Poppy the Pug has been a completely wonderful little friend for 14 long, happy years. I never meant to have a Pug. I agreed to foster her when her owners took her to a shelter at 5 or 6 weeks of age. They wanted a Boxer, instead. My plan was to find her a wonderful home.

To be honest, she was the homeliest little puppy I had ever seen. But after about 3 days I found myself telling her, "Oh, you are SO beautiful!" Despite her wrinkled face and non-regulation un-curled tail, a sweet spirit emanated forth from her 2 pound body. In no time she had us all under her spell. And the home she found was in my heart.

She has been loved by all the other dogs we shared our hearts and home with over the years. Except Ziva, who has little use for her. Poppy and Flirt are special friends. They snuggle together, and when Flirt had her pups Poppy laid close against her, spine to spine, while Flirt labored.

She's been a sturdy, healthy little dog all this time. Other than surgery to enlarge her nostrils when she was a pup, an infected salivary gland and spay surgery, she's only ever seen the vet for routine shots. Even now she is sleek and shiny and has a sparkle to her eyes.

But Poppy is what Chris likes to call "Wore out!" She has not been able to manage stairs for years, and now is having trouble walking on flat surfaces much of the time. Although she is on heavy duty pain medication for arthritis, she is beginning to have more bad days than good.

I wish with all my might that she might go to sleep and not wake up snuggled in front of the wood stove or even sleeping next to me as she has most every night for all these years. But I will most likely have to choose to have our veterinarian come here and ease her to that final rest. And that is a decision I dread.

Tuesday, December 9, 2014

Life's a kick..!

We have not had a new baby in our family since I gave birth to Rachel, 25 years ago! That is a long, long baby-less time.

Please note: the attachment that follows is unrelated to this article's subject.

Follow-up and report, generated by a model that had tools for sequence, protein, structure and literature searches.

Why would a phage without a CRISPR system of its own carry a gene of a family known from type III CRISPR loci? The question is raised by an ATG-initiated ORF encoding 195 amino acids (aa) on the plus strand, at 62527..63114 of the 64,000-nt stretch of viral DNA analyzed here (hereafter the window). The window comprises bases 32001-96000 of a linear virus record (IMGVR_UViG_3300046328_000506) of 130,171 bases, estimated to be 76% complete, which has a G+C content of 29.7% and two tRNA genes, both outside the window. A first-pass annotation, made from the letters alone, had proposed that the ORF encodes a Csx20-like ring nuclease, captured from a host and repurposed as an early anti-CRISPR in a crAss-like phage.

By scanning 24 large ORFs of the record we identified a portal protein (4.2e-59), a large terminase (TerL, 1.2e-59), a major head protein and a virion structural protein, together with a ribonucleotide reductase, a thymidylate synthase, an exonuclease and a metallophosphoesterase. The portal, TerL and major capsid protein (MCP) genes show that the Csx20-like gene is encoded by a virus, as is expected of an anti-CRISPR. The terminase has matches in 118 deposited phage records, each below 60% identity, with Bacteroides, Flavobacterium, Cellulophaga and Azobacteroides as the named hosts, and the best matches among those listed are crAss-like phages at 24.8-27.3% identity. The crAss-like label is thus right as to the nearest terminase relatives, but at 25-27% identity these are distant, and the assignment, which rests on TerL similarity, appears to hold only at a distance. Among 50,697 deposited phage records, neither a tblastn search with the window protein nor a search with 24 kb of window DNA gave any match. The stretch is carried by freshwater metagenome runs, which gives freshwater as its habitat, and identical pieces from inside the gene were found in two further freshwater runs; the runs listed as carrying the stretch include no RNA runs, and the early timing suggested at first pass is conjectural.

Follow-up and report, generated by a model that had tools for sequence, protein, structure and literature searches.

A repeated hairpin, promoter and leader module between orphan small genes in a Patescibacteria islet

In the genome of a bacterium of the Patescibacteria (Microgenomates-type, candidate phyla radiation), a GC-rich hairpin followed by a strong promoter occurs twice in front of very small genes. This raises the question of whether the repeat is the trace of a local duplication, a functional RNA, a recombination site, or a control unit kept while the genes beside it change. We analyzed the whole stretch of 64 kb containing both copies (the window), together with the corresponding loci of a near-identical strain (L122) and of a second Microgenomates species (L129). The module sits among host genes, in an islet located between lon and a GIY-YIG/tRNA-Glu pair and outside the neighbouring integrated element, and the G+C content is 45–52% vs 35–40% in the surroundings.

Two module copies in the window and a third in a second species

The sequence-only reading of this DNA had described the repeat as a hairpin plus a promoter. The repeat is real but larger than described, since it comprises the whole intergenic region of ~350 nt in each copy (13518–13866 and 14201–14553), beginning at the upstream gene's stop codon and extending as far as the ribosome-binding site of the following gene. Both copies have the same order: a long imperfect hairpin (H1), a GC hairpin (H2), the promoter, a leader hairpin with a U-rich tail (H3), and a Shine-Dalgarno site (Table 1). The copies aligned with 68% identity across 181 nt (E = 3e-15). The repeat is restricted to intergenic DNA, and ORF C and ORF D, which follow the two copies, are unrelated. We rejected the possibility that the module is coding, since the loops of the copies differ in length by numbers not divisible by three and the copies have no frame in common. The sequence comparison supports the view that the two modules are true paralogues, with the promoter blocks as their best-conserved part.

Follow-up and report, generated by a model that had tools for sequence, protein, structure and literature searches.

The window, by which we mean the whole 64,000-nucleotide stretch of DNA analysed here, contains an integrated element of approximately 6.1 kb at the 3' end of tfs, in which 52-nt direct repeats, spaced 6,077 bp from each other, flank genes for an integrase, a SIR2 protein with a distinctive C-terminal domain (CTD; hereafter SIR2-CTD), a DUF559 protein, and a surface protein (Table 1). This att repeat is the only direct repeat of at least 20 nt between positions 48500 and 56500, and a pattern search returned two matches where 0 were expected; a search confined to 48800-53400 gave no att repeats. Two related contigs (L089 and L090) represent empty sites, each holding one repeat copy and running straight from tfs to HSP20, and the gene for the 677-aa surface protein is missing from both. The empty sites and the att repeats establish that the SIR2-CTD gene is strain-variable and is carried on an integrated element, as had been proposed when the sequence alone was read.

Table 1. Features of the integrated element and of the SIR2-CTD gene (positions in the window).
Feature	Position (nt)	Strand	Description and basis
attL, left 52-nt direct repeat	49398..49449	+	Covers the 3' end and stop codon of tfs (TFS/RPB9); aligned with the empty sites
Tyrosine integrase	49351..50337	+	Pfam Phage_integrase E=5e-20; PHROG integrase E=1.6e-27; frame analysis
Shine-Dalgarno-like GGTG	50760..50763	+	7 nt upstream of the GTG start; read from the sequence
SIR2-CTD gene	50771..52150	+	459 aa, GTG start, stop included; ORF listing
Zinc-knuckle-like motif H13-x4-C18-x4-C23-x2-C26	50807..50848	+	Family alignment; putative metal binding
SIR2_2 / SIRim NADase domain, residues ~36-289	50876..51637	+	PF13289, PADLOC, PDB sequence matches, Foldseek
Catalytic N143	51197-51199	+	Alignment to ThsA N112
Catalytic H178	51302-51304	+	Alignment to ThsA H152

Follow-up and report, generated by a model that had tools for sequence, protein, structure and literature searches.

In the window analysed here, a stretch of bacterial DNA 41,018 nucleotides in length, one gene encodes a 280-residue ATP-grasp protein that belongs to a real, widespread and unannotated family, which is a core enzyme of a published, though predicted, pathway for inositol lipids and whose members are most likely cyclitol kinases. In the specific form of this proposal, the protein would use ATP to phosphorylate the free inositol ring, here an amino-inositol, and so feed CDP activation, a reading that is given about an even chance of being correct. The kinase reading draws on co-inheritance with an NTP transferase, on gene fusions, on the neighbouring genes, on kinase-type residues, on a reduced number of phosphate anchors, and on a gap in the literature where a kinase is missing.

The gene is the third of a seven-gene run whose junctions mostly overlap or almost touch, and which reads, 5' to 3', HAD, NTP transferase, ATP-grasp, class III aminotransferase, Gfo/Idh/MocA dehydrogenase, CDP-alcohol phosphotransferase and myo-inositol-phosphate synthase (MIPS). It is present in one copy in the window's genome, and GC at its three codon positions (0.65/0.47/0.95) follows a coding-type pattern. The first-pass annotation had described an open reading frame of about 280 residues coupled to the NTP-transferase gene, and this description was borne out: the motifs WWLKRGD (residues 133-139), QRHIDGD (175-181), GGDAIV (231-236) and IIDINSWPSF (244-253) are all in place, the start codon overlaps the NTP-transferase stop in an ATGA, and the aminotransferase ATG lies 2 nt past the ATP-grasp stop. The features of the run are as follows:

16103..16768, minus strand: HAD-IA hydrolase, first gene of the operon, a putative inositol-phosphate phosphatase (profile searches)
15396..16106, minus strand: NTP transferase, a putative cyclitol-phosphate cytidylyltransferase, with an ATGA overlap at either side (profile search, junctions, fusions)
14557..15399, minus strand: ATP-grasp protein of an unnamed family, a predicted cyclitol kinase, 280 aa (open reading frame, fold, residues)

Sunday we gathered for a big, happy, family baby shower. My beautiful, smart, talented niece Emily and her kind and gentle husband Jeff are expecting a daughter in January. And to say we are excited is a gross understatement.

After the food and the cake and the wine, after the chatting and catching up and laughing, after opening the presents and oohing and ahhing at tiny socks and hand knit blankets and booties and lovingly sewn baby quilts, after the guests had left, Emily gathered some of us together to feel the baby kick.

The baby performed on cue. And we women, gathered around the magic of new life, celebrated with joyful laughing as we felt her swim and dance beneath our loving hands.

There is magic all around us, but nothing more magical than the promise of a wee new babe to love.

Monday, December 1, 2014

Help or hindrance..?

Today I schlepped a bag of shavings out to the pony shed after I had cleaned it out. Normally I carry a knife in my pocket or start a hole in the bag before I leave the garage where it is stored. The shavings are compressed into a rather thick plastic bag and it is tricky to open without a sharp tool. Today I had no knife and forgot to start a hole before I got out to the shed.

Just as I was pondering how best to get a hole started one of the young bucklings that are visiting to breed with the does took the project on. He butted the bag with his sharp little horns and gave his head a shake. Back up, repeat, over and over, until the bag was in tatters. I stood back and admired his work.

Then I used all those holes to my advantage, opened the bag, deposited the shavings on the floor and went about my business.

Little boy goats with horns present a myriad of challenges to live with, but they do come in handy from time to time!

Friday, November 28, 2014

Thanksgiving 2014...

There were regular old decorations...

And the kind that happen when a feather mixes it up with a spider web and then gets kissed by a Nor'easter.

We got a lot of wet, heavy snow. BUT, the power stayed on and the food was cooked, and everyone made it here, despite the road conditions.

It was a laughter-filled holiday. This old house echoed with the joyous sound of everything from giggles to guffaws.

You could feel the love!